Case-Allotment System Upheld in NFL Rape Case

     NEW ORLEANS (CN) – Ruling in the rape case involving former NFL star Darren Sharper’s co-defendants, the Louisiana Supreme Court upheld New Orleans’ criminal case-allotment system.
     The Orleans Parish Criminal District Court’s allotment system randomly assigns cases to judges based on the date of first alleged offense.
     Erik Nunez, Brian Liccardi and Sharper were named as defendants in a nine-count indictment returned by a grand jury on Dec. 12, 2014.
     Nunez is charged with two counts of aggravated rape and one count of obstruction of justice and Liccardi is charged with three counts of human trafficking and one count of aggravated rape. Nunez and Liccardi are not defendants on any charge in the indictment.
     Sharper is not a party to the challenge because he pleaded guilty on June 15, 2015.
     Nunez and Liccardi filed motions challenging the allotment system, which requires the random allotment of criminal cases unless an exception is established by law or rules.
     While acknowledging the allotment system fulfills the randomness requirement, their motions claim it violated their right to due process because the district attorney could manipulate the date of the first offense.
     A state court denied the motions finding Nunez and Liccardi presented no evidence to back up their claims, but the Fourth Circuit reversed the decision.
     In a split decision, The Louisiana Supreme Court upheld the state court’s ruling.
     “None of the defendants have put on any evidence the District Attorney has engaged in manipulation in their cases,” Associate Justice Jeannette Theriot Knoll wrote for the majority. “Likewise, none of defendants have specified or given evidence for any prejudice which will result from their respective judicial allotments, having been unable to even speculate as to why the District Attorney would want the particular Judges assigned or as to any potential harm caused by the procedure at issue or by the selection of these particular Judges.”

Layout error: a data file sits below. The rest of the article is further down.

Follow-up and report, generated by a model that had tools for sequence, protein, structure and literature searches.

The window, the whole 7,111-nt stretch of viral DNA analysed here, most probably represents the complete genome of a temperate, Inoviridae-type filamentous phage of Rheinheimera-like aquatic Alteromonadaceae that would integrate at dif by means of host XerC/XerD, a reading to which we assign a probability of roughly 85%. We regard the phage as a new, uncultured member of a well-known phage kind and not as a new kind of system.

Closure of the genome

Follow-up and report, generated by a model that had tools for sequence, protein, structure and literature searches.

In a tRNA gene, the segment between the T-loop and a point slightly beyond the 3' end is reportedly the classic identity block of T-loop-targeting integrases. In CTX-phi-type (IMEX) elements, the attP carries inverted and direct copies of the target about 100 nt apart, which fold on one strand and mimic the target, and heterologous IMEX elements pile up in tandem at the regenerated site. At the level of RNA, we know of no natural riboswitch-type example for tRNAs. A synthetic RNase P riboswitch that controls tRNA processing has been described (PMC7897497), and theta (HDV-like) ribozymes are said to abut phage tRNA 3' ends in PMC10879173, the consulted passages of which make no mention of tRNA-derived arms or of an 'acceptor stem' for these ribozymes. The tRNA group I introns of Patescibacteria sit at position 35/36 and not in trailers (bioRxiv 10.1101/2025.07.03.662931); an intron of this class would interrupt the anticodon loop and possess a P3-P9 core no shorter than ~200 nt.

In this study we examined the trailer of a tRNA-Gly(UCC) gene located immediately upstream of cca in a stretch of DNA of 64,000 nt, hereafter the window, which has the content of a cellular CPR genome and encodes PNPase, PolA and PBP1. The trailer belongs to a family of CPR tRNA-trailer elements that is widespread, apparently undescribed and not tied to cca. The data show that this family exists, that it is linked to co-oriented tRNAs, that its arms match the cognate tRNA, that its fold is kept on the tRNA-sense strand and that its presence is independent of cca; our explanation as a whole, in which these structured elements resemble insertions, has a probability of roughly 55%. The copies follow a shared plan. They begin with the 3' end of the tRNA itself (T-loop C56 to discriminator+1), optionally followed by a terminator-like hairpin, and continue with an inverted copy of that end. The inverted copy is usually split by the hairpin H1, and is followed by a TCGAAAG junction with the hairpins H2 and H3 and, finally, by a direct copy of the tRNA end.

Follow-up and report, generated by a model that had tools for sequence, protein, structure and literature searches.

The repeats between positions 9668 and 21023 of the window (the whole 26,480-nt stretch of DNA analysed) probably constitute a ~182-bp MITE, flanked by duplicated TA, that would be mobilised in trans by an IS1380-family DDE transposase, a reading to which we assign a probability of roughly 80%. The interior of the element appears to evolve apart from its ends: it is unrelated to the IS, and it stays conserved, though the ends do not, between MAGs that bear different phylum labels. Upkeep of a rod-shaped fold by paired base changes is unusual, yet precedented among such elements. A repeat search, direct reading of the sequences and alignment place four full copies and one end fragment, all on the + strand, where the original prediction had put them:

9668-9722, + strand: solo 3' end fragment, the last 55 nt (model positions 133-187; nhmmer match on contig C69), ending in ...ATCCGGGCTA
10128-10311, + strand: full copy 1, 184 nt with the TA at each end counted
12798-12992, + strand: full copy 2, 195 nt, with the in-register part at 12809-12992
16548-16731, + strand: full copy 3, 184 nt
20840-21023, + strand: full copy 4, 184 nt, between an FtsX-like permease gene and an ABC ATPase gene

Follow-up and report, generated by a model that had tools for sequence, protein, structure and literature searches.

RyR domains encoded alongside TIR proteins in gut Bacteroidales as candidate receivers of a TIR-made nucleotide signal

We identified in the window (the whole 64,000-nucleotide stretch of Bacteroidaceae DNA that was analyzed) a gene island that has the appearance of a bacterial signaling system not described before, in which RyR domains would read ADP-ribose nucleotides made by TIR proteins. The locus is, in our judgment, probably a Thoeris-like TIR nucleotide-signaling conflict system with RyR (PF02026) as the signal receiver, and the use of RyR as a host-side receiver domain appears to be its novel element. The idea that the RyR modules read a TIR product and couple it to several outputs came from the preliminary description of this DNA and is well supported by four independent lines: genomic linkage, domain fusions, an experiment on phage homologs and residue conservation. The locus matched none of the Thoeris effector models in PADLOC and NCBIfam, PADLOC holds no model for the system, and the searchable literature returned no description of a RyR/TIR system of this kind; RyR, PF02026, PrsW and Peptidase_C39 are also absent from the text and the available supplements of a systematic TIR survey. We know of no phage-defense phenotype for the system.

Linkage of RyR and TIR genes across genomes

Associate Justices John L. Weimer and Jefferson D. Hughes III dissented.
     Weimer found that there is a contradiction in the parish’s argument that the prosecutor is constrained by the defendant’s conduct in selecting the date of earliest charged offense. Weimer wrote in his dissent that the district attorney’s office has vast discretion in determining the date of first offense.
     “The majority attempts to reconcile this contradiction by citing a putative ‘policy,’ by which it is allegedly ‘the State’s policy of selecting the first day of the month when an exact date is uncertain,'” Weimer wrote in his dissent. “This ‘policy’ is not mandated by any statute or court rule. Therefore, not only is this ‘policy’ merely discretionary and subject to change at any time, but assuming its existence only underscores that the ability to manipulate the system is afforded to the prosecutor.”
     Hughes, in his dissent, argued that the allotment system erodes the integrity of the judicial system.
     “The integrity of the system and the faith of the people in that system are more important than the particulars of any one case,” Hughes wrote. “This case will be noted by every attorney, teacher, law enforcement officer, and a great deal of the public. Doubt in the fairness of the system and the ability of a party to legally manipulate the system cannot be tolerated.”
     The cases against Nunez and Liccardi have been sent back to state court for further proceedings.
     Sharper played from 1997 to 2010, for the Green Bay Packers, Minnesota Vikings and New Orleans Saints. He won a Super Bowl with the Saints in 2010, and the NFL elected him to its All-Decade Team in 2010. His 63 interceptions were sixth on the NFL’s all-time list when he retired.

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